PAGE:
After the National Socialists came to power, he moved to Grasshoppers Zurich in Switzerland because he was Jewish . From September 1933 Dombi again took over the coaching position at FC Barcelona and stayed there until 1934. Here, too, Dombi's medications found recognition, as before a private game against a combination of Slavia Prague with First Vienna in early January 1934. However, his second period with the Catalans was in Generally rated very critically. After his quick departure, he stayed at FC Basel in Switzerland for some time in 1934 .

He then looked after Feyenoord Rotterdam in the Netherlands from 1935 to 1939, from 1951 to 1952 and again from 1955 to 1956 . He won the championships there in 1936 and 1938. In 1997 a street in Rotterdam was named after him Richard Dombistraat .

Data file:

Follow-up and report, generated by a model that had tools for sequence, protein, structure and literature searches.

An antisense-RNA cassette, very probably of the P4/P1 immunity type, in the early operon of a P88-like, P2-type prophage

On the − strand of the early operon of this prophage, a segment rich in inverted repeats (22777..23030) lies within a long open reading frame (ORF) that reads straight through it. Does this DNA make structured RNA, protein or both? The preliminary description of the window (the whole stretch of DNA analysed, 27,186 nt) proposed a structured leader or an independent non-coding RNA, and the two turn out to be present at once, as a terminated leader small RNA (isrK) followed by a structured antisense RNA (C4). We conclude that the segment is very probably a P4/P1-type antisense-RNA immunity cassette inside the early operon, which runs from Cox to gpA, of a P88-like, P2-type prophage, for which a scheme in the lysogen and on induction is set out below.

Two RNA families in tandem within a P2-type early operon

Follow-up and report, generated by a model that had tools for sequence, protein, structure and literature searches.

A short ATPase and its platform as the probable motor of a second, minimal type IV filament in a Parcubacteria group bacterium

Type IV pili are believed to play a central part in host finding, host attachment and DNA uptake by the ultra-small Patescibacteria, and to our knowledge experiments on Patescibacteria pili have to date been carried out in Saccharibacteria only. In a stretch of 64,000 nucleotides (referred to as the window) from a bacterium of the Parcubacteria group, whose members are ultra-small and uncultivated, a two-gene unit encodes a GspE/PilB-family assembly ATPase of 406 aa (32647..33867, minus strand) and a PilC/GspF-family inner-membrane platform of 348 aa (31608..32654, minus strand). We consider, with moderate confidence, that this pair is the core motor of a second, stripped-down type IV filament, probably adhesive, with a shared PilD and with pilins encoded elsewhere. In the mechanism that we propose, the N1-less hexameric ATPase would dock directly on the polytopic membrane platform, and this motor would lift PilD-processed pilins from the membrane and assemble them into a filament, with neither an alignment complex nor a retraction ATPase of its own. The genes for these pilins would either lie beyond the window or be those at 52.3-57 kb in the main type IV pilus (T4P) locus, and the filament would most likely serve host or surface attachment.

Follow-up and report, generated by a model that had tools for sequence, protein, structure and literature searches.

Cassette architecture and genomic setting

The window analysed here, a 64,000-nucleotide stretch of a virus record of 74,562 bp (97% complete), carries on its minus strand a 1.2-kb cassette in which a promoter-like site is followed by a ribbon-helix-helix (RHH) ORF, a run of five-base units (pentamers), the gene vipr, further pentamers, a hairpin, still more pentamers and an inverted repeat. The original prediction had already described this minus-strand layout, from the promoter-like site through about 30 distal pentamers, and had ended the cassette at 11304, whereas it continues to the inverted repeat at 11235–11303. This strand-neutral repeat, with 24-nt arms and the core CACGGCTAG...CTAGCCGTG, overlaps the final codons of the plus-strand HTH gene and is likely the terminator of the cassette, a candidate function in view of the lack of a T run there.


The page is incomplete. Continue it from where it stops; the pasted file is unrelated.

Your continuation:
Web links

Individual evidence

  1. Portrait of Richard Kohn on sueddeutsche .de
  2. Portrait of Richard Kohn on (Dutch)
  3. ^ Ambrosius Kutschera: Wiener AC 2: 1 (1: 1) Sunderland AFC (ENG) , football in Austria
  4. ^ Ambrosius Kutschera: 1909/10 season , football in Austria
  5. Richard Kohn on
  6. El Mundo Deportivo, Barcelona, ​​No. 1407, February 7, 1926
  7. ^ Coach Dombi left for Warsaw , Sport-Tagblatt, Vienna, March 5, 1927
  8. David Schelp: The Roar of the Lions , Jüdische Allgemeine, August 26, 2010
  9. ^ El Mundo Deportivo, Barcelona, ​​September 27, 1933
  10. El Mundo Deportivo, Barcelona, ​​No. 3816, January 5, 1934
  11. Copy of the decision of June 10, 1997 ( memento of August 4, 2012 in the web archive ) in the administrative archive in Rotterdam, viewed on May 29, 2011


  • Andreas Wittner: Richard Little Dombi - Little Eminence, sent from heaven. In: Schulze-Marmeling, Dietrich (Hrsg.): Strategists of the game - the legendary football coach. Verlag Die Werkstatt, Göttingen 2005, ISBN 3-89533-475-8 , pp. 54–63.